by Alicia Hernandez
Crain Lewis Brogdon, LLP has donated $30,000 to the Equal Access to Justice Campaign benefitting the Dallas Volunteer Attorney Program. The firm, with a criminal defense and personal injury practice, has supported DVAP since 2004 with over $130,000 in donations to the program.
“We represent regular people who are facing major life challenges, and our job is to help them get their lives back on track,” said Rob Crain, one of the firm’s founders. “DVAP’s clients are regular people too who are just trying to support their families, raise their kids, and make a better life for themselves. They hit a stumbling block with their legal problems, and DVAP is there to help.”
Chris Lewis agreed: “DVAP is on the front lines and is often the first stop for people when they are desperate for help. Although we handle different types of cases at our firm, our mission is the same—to help people when they need it most.”
In the last year, Quentin Brogdon, a 26-year trial attorney, joined the firm as a named partner. Mr. Brogdon, like Mr. Crain, has a personal injury practice and has a long history of helping people recover and move on with their lives.
Being on the front lines is something that DVAP is familiar with.
The South Dallas Legal Clinic at the Martin Luther King, Jr. Community Center is teaming with clients on the first, second, and fourth Tuesday evenings of the month. DVAP paralegals and volunteers set up shop. A hall, small offices, and break room are ground zero for people needing legal help on everything from a simple divorce to evictions, a fraudulent consumer deal, and a protective order. Although crowded and fast-paced initially, a calm sets over the clinic as one by one clients are screened and interviewed, and given an opportunity to meet with an attorney.
DVAP was built on the clinic model and being accessible in the communities where the program’s clients live. Law firms, corporate legal departments, bar association groups, and individuals volunteer to help. Recently, the Dallas Bar Association’s Pro Bono Activities Committee sponsored the South Dallas Clinic with 11 committee members helping out. Pam St. John, an attorney with AT&T Services, Inc. and avid pro bono lawyer, coordinated the effort.
“The clinics allow us to immediately impact someone’s life. We are likely the first attorneys they have ever met,” said Ms. St. John. “We have an opportunity to give the applicants a voice, encourage them where needed, give them valuable advice or even closure. We are the front door to start them on a meaningful process to have an attorney represent them when they otherwise would not have access to the justice system.”
A joint program of the Dallas Bar Association and Legal Aid of NorthWest Texas since 1997, DVAP is the most comprehensive pro bono legal program in Dallas, providing assistance to low-income people on civil matters. While DVAP is known for its work in the family law area, DVAP also helps clients with consumer, housing, landlord-tenant, wills, probate, and expunction cases.
In addition to being on the front lines and continuing its successful neighborhood legal clinics and referrals to volunteers, DVAP is also always trying to develop new ways to reach its clients and partner with others to do so. During 2015, DVAP worked on several programs intended to expand and diversify the assistance it provides and be more helpful to the community.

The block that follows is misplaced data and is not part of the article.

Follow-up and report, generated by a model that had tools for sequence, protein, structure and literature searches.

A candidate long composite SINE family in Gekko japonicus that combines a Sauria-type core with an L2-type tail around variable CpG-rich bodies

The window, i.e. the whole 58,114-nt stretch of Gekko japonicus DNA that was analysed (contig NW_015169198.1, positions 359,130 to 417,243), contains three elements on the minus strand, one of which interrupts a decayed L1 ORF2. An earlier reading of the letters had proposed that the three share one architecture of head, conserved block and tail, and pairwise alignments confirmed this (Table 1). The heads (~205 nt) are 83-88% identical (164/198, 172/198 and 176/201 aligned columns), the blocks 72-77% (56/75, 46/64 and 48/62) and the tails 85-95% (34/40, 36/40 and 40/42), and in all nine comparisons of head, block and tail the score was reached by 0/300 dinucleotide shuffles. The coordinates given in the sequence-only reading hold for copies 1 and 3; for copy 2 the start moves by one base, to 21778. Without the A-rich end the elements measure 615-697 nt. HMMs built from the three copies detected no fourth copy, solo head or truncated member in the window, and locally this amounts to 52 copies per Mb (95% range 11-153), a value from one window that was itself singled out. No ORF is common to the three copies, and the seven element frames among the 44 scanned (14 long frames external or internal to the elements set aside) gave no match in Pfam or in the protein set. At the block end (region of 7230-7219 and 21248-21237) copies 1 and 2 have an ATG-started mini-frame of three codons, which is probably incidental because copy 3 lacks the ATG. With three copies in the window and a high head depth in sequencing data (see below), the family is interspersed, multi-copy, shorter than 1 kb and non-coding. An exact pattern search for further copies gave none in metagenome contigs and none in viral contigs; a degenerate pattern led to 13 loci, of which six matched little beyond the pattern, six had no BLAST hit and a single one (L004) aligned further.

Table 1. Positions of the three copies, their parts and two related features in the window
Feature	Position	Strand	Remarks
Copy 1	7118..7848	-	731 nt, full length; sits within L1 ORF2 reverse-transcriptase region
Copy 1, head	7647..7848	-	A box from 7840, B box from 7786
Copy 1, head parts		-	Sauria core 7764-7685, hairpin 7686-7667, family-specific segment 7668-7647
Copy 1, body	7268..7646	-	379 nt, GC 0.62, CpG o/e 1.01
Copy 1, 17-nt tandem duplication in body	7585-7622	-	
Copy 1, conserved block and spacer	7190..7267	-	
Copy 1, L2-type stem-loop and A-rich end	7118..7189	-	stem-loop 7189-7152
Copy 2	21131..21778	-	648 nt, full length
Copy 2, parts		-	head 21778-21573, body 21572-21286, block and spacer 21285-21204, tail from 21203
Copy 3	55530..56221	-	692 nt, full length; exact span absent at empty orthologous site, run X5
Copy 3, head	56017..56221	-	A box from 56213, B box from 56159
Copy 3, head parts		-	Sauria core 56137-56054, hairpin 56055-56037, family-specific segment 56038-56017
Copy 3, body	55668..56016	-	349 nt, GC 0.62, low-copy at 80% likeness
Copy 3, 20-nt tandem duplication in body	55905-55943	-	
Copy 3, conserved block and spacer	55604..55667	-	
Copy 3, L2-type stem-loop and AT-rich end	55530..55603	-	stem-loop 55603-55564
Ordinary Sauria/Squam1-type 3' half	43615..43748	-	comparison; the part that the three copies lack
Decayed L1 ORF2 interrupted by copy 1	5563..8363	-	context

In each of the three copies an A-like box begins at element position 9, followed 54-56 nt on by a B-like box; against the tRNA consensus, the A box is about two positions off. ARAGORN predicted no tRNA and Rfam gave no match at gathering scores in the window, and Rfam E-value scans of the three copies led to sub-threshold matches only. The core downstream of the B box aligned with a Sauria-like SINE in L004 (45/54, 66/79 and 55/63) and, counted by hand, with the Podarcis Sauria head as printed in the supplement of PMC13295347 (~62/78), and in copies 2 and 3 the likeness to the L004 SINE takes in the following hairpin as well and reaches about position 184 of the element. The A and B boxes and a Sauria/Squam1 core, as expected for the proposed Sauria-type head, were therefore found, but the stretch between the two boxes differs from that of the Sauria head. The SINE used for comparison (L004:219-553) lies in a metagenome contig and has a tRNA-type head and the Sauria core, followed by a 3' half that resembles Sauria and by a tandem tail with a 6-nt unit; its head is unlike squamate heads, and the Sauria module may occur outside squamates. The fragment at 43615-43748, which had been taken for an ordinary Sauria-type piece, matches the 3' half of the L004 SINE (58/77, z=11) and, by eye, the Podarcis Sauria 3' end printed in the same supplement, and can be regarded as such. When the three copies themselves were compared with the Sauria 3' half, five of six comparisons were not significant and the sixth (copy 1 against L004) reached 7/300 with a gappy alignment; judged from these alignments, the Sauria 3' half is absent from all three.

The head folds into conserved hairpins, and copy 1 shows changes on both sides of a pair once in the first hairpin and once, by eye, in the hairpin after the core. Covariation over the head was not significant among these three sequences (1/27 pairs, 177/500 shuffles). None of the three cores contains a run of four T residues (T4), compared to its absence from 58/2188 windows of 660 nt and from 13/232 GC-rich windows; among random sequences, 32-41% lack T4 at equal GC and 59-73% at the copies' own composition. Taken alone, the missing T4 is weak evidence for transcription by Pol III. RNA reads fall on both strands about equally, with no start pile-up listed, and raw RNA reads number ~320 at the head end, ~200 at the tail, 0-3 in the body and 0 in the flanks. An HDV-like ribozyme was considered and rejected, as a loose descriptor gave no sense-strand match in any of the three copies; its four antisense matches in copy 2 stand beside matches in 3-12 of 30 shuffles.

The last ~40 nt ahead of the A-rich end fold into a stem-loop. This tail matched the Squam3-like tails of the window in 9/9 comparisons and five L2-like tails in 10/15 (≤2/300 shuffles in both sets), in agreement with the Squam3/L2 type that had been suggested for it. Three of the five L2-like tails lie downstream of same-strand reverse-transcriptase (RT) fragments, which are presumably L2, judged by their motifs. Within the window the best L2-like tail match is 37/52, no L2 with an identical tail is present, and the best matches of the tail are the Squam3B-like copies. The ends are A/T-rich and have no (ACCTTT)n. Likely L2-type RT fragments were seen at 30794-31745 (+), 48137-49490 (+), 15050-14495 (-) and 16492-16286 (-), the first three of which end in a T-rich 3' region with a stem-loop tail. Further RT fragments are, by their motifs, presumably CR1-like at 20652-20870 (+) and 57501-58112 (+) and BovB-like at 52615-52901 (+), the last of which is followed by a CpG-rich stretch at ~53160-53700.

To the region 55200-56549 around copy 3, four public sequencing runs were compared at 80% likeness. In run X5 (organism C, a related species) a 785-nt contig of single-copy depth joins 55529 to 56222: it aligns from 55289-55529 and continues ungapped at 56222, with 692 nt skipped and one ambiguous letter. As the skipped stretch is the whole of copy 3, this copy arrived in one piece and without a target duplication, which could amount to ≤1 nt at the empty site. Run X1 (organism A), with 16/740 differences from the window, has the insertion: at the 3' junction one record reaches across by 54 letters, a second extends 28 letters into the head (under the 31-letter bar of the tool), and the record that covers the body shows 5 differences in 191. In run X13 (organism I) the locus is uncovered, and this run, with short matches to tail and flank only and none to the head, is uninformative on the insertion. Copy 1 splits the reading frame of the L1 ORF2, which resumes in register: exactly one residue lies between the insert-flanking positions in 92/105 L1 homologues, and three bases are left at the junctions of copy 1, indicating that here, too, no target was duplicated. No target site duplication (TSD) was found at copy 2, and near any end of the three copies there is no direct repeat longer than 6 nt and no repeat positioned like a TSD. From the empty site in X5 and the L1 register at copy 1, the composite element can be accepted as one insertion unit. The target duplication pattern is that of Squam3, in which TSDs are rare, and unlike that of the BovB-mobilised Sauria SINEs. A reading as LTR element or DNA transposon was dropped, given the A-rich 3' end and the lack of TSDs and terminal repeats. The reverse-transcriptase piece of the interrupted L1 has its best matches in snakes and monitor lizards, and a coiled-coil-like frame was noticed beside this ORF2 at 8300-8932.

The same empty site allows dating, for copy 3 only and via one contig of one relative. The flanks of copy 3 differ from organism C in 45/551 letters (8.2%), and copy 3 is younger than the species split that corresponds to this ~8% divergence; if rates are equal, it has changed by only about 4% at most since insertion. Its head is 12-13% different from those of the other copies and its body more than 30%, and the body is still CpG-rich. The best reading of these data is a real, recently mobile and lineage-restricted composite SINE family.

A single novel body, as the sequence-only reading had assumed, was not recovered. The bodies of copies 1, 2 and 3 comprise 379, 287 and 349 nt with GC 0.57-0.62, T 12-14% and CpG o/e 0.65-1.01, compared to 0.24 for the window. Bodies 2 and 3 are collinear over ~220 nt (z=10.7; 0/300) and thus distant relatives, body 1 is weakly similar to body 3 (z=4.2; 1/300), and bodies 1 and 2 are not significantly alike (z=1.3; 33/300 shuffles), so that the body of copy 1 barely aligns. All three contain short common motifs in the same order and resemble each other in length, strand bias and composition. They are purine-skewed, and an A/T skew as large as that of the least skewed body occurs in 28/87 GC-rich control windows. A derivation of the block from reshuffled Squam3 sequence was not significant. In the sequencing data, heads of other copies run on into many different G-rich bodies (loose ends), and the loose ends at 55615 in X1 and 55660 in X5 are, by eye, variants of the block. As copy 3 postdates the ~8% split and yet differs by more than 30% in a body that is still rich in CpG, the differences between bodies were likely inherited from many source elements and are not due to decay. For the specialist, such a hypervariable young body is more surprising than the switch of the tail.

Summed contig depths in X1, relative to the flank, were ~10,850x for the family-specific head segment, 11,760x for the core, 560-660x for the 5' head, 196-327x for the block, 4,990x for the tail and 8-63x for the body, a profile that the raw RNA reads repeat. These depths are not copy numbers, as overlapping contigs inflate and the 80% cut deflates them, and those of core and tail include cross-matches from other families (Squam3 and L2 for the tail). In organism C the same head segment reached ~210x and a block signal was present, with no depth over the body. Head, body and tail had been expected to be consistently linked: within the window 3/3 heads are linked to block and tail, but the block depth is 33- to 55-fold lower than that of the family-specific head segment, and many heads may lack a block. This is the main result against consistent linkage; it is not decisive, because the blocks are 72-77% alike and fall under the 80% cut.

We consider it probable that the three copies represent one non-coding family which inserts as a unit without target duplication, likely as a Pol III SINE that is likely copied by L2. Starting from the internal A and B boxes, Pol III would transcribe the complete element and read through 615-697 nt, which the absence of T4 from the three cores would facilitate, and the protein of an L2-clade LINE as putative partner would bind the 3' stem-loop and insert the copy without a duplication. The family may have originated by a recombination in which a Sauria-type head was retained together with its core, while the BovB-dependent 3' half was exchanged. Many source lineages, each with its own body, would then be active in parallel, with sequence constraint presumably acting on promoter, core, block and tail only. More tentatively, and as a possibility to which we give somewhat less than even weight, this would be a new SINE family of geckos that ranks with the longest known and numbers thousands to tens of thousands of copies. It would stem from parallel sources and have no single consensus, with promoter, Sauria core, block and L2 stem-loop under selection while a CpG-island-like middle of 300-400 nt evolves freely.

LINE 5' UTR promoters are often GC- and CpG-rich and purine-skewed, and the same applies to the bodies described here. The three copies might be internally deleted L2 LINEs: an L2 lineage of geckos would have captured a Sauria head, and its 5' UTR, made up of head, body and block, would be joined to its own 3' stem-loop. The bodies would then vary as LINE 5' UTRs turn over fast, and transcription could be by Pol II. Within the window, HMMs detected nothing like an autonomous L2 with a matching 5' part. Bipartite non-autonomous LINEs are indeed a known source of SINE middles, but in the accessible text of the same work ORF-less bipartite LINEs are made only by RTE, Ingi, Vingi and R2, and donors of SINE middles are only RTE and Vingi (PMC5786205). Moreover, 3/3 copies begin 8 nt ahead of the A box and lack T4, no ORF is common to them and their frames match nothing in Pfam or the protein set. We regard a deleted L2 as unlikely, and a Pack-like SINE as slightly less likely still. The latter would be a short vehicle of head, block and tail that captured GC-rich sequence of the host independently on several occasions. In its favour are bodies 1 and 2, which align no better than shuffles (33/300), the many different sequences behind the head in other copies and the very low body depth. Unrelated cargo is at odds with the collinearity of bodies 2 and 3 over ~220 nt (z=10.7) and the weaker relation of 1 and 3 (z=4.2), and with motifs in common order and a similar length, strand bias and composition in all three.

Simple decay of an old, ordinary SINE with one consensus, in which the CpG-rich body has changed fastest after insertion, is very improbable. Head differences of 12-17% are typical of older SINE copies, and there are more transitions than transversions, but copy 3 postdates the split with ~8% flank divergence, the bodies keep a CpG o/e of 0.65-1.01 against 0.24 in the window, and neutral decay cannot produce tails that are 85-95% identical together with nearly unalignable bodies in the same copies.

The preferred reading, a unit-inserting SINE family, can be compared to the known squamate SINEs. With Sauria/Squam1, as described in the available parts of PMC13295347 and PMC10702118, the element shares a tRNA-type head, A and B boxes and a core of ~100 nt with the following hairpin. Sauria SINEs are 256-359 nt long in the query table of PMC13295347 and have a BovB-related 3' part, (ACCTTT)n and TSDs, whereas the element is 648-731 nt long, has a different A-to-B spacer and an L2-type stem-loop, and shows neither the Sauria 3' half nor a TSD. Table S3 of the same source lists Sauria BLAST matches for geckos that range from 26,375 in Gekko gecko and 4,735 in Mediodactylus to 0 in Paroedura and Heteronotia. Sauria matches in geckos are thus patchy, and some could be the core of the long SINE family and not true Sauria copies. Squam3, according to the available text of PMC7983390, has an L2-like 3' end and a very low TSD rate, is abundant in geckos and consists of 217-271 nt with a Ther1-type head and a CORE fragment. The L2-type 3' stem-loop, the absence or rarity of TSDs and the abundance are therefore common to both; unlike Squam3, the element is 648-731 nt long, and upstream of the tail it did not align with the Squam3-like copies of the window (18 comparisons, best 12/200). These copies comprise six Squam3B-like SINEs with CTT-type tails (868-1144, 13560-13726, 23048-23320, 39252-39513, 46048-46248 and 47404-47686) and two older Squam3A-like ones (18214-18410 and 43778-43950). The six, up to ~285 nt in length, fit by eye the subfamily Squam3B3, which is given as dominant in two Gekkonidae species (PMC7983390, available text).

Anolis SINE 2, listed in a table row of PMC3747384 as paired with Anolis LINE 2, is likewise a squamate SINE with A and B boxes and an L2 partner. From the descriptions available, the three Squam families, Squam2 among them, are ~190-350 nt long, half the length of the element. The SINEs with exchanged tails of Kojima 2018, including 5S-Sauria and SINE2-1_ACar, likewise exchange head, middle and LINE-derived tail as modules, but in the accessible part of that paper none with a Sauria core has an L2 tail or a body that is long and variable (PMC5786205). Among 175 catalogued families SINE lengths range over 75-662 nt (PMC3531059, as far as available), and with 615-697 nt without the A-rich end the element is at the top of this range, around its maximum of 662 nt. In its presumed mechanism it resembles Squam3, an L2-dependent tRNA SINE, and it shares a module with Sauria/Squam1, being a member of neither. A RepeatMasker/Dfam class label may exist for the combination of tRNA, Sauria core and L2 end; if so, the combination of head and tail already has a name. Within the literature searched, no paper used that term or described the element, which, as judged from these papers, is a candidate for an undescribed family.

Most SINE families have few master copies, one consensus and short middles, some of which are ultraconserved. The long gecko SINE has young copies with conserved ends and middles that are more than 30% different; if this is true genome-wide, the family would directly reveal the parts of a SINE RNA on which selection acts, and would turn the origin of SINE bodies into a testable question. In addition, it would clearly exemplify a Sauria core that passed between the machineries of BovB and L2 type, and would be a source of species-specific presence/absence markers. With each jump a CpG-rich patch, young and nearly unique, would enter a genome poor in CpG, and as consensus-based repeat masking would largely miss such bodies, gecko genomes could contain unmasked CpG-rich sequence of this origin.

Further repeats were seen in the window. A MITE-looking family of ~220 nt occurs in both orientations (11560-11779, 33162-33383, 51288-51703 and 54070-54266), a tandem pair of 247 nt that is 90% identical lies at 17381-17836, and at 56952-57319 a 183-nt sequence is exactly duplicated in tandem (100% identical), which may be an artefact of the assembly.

One of these programs is DVAP’s new Expunction and Non-Disclosure Legal Clinic. Started in June 2015, the clinic’s goal is to help people who may qualify for an expunction or a non-disclosure of that record. Volunteers provide legal advice, and, if a person meets the legal requirements for obtaining an expunction or order of non-disclosure, he will be referred to a pro bono attorney for representation. Over 80 people have applied for help from this clinic since June.
DVAP also provides support to other programs in town, and, this year, teamed up with the W.W. Caruth, Jr. Child Advocacy Clinic and Institute for Children’s Rights at SMU Dedman School of Law to help grandparents and other relatives obtain conservatorship of children placed in their care by Child Protective Services. Diane Sumoski, the Clinic’s Director, and DVAP staff have worked together to sponsor two continuing legal education programs to recruit and train volunteers to represent clients on these cases. The goal is to stabilize the lives of children who have been removed from their parent’s homes and placed with relatives.
Legal Aid and pro bono programs across the state are encouraged to collaborate with other agencies and the courts. Three years ago, DVAP and members of the Pro Bono Activities Committee developed a brochure for pro se litigants practicing in the Dallas County family courts. Through a grant from the Communities Foundation of Texas, 20,000 copies were printed and most have been distributed through the courts. DVAP is currently planning a reprinting of the brochure, including a Spanish translation so that copies can be distributed again through the Dallas County Family Courts.
DVAP’s work in the community and its ability to branch out are the result of support from Crain Lewis Brogdon and donors like them. Every client, every volunteer, and every clinic is the result of the support DVAP and the Equal Access to Justice Campaign have from the legal community.
“DVAP is our pro bono program,” said Mr. Crain. “Whether you donate your time, your money, or both, please help.”
Alicia Hernandez is the director of the Dallas Volunteer Attorney Program and the DBA director of community services. She can be reached at firstname.lastname@example.org.